The Missouri, now 15,000cfs is huge but fishing has been great if you can your bugs down the fish. Long rigs with wire worms and fire bead scuds are a huge part of the deal, putting them in the soft spots where the fish are congregated is the other. Will be spending a lot of time up there in the next few weeks giving the waterds around here a chance to settle down.

Its going to be a long runoff this year - might not get on that Yellowstone until mid July - once we do get on there my guess is that we'll see some of the best fishing we've seen in a while. The fish are loving all this water. With a few good years of it now, we're really looking good for the future.

Friday, April 22, 2011

Terrific April Fishing

Though I'd like to title this entry "spring fishing" or something along those lines, it still feels a bit like winter around these parts. Just this week we've had two significant snowfalls in Bozeman - can't imagine what the mountains received. Haven't checked the stats, all I know is that there is a ton of the white stuff up there. And while we've been dealing with cold temps and lots of snow and a lack of comfort the benefit is good water. We're going to have lots of it this summer which is going to make for ideal conditions from mid July throughout the rest of summer and fall.

In spite of the more March-like conditions, fishing has been terrific. We've had some great baetis and midge fishing on the Yellowstone, Madison and the Spring Creeks and, just this past week, experienced the wonders of skwala fishing on the Big Hole. It was cold, maybe 25, and windy but those fish were on that early season stonefly - kind of like hopper fishing in April. Nymphing, as it most often is, has been solid most everywhere and as water temps warm slowly but surely, the streamer fishing has picked up. So it's hard to figure what we'll do or where we'll be headed from one day to the next - we're lookng at wind, at water temps, air temps, flow trends, clouds, sun and all the rest. With all the options around here, there's always something fishing well - we just have to find it!

Monday, March 28, 2011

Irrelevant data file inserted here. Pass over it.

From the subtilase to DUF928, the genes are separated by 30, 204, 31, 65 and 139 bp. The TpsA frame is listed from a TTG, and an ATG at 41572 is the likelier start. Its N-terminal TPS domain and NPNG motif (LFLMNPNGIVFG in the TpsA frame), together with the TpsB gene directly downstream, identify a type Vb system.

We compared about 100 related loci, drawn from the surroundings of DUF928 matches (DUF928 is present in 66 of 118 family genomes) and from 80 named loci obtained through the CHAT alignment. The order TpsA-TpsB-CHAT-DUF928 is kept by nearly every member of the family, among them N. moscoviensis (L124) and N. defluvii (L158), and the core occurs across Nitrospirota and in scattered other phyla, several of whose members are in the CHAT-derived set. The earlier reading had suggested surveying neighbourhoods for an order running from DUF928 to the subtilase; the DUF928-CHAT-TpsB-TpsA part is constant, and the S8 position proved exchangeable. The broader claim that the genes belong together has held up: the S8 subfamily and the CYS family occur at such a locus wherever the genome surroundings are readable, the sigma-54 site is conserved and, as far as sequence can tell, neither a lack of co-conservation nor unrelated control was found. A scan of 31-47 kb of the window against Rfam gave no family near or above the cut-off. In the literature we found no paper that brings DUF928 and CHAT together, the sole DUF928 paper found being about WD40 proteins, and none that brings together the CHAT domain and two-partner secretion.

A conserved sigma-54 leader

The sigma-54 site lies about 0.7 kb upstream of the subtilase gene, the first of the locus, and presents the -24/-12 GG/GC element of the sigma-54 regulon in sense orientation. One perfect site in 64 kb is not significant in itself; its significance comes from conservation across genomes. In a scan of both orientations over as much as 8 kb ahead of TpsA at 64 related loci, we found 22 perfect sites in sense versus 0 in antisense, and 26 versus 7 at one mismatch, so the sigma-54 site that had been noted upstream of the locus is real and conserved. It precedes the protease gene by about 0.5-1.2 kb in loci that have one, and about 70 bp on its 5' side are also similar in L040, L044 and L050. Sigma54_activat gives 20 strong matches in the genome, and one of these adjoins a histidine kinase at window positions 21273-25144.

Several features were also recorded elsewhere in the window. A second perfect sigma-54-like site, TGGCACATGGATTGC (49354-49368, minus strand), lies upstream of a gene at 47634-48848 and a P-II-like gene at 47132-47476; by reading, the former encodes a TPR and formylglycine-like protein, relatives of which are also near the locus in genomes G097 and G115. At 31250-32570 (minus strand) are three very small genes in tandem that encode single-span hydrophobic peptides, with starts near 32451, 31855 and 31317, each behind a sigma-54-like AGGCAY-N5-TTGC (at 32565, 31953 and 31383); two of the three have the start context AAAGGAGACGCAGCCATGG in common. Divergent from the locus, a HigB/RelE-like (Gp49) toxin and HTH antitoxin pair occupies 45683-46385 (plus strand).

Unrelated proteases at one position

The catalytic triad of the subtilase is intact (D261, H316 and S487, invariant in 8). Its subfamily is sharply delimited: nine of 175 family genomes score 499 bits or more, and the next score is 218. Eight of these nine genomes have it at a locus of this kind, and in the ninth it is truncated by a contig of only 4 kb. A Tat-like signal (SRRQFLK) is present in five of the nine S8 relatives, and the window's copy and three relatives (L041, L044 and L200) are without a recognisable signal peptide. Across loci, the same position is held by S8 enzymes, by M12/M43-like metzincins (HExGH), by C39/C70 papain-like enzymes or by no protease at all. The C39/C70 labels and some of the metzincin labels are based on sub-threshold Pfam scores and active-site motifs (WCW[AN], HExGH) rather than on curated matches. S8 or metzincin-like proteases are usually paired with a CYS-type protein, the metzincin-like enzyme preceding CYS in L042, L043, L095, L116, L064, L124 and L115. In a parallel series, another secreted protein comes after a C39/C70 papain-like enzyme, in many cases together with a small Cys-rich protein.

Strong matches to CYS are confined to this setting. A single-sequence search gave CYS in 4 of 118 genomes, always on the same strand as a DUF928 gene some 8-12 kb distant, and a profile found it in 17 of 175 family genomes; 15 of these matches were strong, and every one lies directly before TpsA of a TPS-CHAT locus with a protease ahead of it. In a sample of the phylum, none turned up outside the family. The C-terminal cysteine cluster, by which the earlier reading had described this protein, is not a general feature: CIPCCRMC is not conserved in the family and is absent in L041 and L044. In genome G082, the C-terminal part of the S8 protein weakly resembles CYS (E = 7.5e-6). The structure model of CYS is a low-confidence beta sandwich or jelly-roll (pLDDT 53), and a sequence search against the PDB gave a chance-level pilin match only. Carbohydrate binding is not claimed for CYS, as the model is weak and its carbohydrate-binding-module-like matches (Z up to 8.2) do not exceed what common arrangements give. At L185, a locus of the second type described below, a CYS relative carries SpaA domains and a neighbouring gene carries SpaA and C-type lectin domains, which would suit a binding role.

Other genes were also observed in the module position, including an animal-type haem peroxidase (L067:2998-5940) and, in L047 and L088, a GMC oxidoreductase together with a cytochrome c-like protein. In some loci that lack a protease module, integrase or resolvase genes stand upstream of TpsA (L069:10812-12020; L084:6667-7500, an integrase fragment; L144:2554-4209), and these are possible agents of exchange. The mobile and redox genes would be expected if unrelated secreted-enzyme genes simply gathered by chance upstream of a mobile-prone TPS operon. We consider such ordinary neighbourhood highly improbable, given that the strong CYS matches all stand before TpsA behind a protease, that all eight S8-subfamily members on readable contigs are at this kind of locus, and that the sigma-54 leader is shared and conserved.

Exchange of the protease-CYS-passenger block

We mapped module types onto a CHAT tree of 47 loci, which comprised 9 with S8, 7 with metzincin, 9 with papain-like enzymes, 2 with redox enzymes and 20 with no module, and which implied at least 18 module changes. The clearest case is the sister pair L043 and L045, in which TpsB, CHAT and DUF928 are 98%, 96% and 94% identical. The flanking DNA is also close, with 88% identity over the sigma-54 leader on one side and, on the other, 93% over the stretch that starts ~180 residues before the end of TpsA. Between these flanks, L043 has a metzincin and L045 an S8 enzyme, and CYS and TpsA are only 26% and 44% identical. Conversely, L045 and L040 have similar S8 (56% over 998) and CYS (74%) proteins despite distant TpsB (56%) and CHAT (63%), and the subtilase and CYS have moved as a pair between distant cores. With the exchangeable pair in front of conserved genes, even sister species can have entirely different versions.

Spring Fishing in Full Swing

Though conditions have leaned a bit more towards winter than spring lately, with 2 good snows and temps only getting into the 40s in the past week, the fish have made it clear that they have entered into spring feeding mode regardless of the conditions. Without a doubt, the rainbow spawn, which has just started around here, is a driving force of some of this hot action. Pre spawn rainbows are chowing down before their annual rite of spring while the post spawners are doing the same in effort to refuel. Browns and smaller rainbows are taking advantage of the entire routine, simply gorging on the eggs that find their way off the redds and into the current. Aside from the spawn, midge hatches are enormously prolific right now and blue winged olives are just starting to make a presence. There is more to eat out there now there than has for a while, the days are getting longer, the water starting to warm and the fish are simply starting to take advantage of all of it.

My anglers from last week had to put up with some tricky conditions, mainly wind, but were rewarded with solid fishing on the Yellowstone, a superb day on Depuys Spring Creek and several excellent days on the Madison. Conditions look excellent for the next few days and into the weekend. We'll cross our fingers and hope for calm conditions which could provide us with some great dry fly opportunities.

Friday, January 28, 2011

Winter Fishing

With the mild weather we've had as of late, the fishing has picked up markedly on the East and West Gallatin, Madison and Yellowstone (when the Livingston winds are at bay). Fishing on the Livingston Spring Creeks has been good but will only get better as rainbows start to move into the creeks from the Yellowstone later in February. Though most action has been subsurface with SJ Worms, Golden Stones, Prince and Hare's Ear Nymphs as well as midge larva and pink patterns such as the Shrimp Cocktail, there have been moments of surface activity with midges. Midge hatches will get stronger and more prolific throughout February and into March providing us with one of the best dry fly opportunities of the season. With the midge fishing game, calm days are the key. Tired of skiing? Give us a call and we'll get you on some spectacular mid winter fishing action.